During a visit to Finland this past February, my last official interview in Finland was with the former head of the Finnish Air Force and now Deputy Chief of Staff, Strategy for the Finnish Defence Forces, Lt. General Kim Jäämeri.
In my discussions in Helsinki, I was increasingly persuaded that a number of core foundational elements in the Finnish approach were very symmetrical with the changes unfolding in 21st century military technology and changes in approach which most liberal democracies needed to make as we shift from the land wars to higher tempo operations.
The mobilization focus of Finland which I discussed with Jukka Juusti, Permanent Secretary Defence, was one aspect.
The other which I discussed with Lt. General Jäämeri was distributed ops.
Clearly, a number of key aspects of military technological change are underscoring greater capabilities for force generation in terms of distributed operations and shaping C2 systems which can support mission command approaches to directing a distributed force are part of significant change going on in the U.S. military as well as other allied militaries.
But for the Finns, distributed operations is in their defense DNA.
They have been living under the threat of missile and air strikes for a long time and have never assumed that you operate from fixed bases alone as crises strike.
Dispersal and distributed operations are at the heart of how best to deal with a significant offensive threat.
And in major exercises like Arctic Challenge, the Finns are demonstrating how their legacy approach is informing their way ahead and how it can be modernized as new systems are being added to the liberal democratic force structure.
Lt. General Kim Jäämeri: “It is becoming clear to our partners that you cannot run air operations in a legacy manner under the threat of missile barrages of long range weapons.
“The legacy approach to operating from air bases just won’t work in these conditions.
“For many of our partners, this is a revelation; for us it has been a fact of life for a long time, and we have operated with this threat in the forefront of operations for a long time.”
What clearly is new or evolving is the key role of exercises for Finland and the cross-learning which comes for both Finland and its exercise partners.
Finland passed legislation last year which allows Finland to both provide and receive military assistance which provides the legal framework for shaping ways ahead in exercising with other militaries and shaping cross learning in the military operational domain.
Lt. General Kim Jäämeri: The legislation has brought logic to our exercise structure.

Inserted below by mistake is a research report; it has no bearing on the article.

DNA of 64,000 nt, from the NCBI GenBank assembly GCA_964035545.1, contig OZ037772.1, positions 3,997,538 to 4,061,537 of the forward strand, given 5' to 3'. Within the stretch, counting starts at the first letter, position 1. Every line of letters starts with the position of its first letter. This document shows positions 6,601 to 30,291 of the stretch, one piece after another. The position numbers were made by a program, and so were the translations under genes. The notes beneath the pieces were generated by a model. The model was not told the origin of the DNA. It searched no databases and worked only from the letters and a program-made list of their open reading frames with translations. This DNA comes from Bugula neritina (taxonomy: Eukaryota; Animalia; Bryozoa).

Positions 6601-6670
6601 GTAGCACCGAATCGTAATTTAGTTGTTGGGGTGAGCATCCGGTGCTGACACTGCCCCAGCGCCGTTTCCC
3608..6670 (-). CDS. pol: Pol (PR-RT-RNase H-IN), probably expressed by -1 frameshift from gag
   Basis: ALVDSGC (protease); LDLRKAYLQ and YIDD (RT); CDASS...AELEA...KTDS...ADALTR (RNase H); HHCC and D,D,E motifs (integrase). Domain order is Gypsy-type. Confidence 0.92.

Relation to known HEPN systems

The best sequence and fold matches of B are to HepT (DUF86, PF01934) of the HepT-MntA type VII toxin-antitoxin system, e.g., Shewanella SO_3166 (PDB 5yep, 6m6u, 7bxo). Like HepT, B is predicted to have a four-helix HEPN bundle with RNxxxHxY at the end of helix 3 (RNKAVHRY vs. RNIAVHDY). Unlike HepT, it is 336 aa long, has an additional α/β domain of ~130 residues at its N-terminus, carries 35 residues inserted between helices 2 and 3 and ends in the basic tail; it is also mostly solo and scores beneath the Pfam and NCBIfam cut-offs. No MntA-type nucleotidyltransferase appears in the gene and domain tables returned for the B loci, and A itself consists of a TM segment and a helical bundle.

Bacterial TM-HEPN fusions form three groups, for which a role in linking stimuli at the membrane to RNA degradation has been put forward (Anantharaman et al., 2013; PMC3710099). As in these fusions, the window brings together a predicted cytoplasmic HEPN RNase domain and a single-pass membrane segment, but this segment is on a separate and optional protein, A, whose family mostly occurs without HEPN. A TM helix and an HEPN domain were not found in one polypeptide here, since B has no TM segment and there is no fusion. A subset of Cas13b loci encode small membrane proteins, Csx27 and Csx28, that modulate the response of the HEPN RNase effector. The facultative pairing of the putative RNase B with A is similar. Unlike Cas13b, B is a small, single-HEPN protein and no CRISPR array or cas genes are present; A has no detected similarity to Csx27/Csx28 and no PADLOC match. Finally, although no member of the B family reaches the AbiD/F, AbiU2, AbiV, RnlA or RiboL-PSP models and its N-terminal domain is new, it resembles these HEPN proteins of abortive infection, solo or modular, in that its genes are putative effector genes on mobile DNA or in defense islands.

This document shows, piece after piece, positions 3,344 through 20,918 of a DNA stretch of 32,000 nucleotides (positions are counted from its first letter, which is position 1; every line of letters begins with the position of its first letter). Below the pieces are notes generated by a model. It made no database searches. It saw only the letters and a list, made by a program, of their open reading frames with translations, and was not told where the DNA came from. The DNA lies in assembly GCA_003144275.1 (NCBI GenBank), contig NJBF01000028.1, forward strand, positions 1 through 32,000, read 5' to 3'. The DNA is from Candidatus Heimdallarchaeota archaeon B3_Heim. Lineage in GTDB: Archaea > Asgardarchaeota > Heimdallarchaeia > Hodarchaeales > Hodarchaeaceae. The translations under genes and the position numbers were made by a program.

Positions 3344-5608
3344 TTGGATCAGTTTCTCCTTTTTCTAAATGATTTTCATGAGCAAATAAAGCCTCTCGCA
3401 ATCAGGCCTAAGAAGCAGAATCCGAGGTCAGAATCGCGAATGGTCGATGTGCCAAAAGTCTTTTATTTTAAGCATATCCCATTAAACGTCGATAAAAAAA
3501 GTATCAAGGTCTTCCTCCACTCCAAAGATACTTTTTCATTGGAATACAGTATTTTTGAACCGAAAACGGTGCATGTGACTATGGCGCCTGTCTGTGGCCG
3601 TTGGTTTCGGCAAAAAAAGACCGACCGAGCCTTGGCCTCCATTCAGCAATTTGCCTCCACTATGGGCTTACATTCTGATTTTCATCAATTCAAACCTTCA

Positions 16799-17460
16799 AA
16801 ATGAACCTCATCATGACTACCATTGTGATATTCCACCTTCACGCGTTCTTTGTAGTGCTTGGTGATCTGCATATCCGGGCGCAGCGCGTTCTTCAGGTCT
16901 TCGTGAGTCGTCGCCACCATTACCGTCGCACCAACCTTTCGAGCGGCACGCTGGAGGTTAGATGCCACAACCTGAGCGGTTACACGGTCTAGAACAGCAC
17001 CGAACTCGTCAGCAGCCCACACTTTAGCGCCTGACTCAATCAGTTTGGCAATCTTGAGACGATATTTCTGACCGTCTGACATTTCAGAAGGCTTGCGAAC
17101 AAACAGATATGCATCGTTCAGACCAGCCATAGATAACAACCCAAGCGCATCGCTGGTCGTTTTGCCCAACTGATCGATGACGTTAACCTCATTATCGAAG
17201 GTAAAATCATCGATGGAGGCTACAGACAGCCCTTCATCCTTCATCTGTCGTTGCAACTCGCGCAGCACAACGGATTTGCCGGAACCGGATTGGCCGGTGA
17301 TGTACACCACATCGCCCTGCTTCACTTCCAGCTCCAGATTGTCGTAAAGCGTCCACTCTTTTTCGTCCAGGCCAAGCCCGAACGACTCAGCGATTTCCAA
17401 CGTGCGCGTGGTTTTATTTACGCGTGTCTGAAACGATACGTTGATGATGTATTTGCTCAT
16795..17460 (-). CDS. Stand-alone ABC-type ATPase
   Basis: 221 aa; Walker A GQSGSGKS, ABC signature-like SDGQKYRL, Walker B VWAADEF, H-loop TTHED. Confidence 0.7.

“It also clarifies how the European Union Treaty 42.7 would be practically executed; if someone asked for assistance, then now we have in place the procedures and structures to take proper decisions to provide for assistance.”
With the enhanced concern about the military situation in Europe after the events in Crimea obviously there has been enhanced focus within Europe on territorial defense.
With the Finns, this has clearly seen a renewed emphasis on force readiness and an ability to act more effectively in a crisis.
Lt. General Kim Jäämeri: “We have enhanced our focus on crisis management and the role of the military within overall crisis management.
“We have increased our investments in force readiness.
“With regard to our partners, their enhanced focus of attention on defense, whether it be the actions of Sweden, Norway or Denmark in the region, or by the United States within NATO with regard to the EDI-related investments, has been appreciated.
“And as we expand our exercise regime, we are cross-learning with regard to capabilities necessary for our defense.
‘You have to leverage your partnerships more to enhance crisis stability.”
There is always the challenge of paying for defense investments, and the cost of maintaining conscription while adding new ground, naval and air capabilities will be challenging for Finland as it is for other liberal democracies.
The Finns are organized around a joint force structure, although respecting the differences among ground, sea and air operations.
But any major acquisition must provide a joint effect.
Lt. General Kim Jäämeri: “With regard to the Hornet successor, clearly its contribution to joint operations is a key aspect.
“For example, how will it help the navy more effectively fire their missiles at the relevant targets?”
“For more than two decades now there’s only one force development process and it’s fully joint.
“I’ve sat in a meeting this morning running through capability reviews from different services where any capability that’s required for our defense is always looked through the joint glasses.
“We only have one defense minister, no secretaries for the air force or navy or whatever; it’s all under the Chief of Defense (CHOD) and he drives this as a joint machine.
“Obviously, services need to be able to cherish their expertise, and that’s why we maintain them: you can’t do what some forces tried in the ’80s, where everybody puts on a violet uniform; it doesn’t work.”
In short, Finland has enhanced the readiness of its forces, is working more closely with partners, and through military exercises generating and learning from key partners with regard to operational innovations.
And the core defense DNA characteristics of the Finns, namely, to operate forces in a distributed manner and prepare to mobilize, are becoming key themes which other liberal democracies need to take heed of as the global situation changes.
This article was first published on March 2, 2018.
The photo shows F-18 Hornets of the Finnish Air Force fly alongside a U.S. Air Force KC-135 Stratotanker from RAF Mildenhall, England, during aerial refueling over Finland, May 25, 2017.
All three aircraft are participating in Arctic Challenge 2017, a multinational exercise encompassing 11 nations and more than 100 aircraft. (U.S. Air Force photo by Tech. Sgt. David Dobrydney)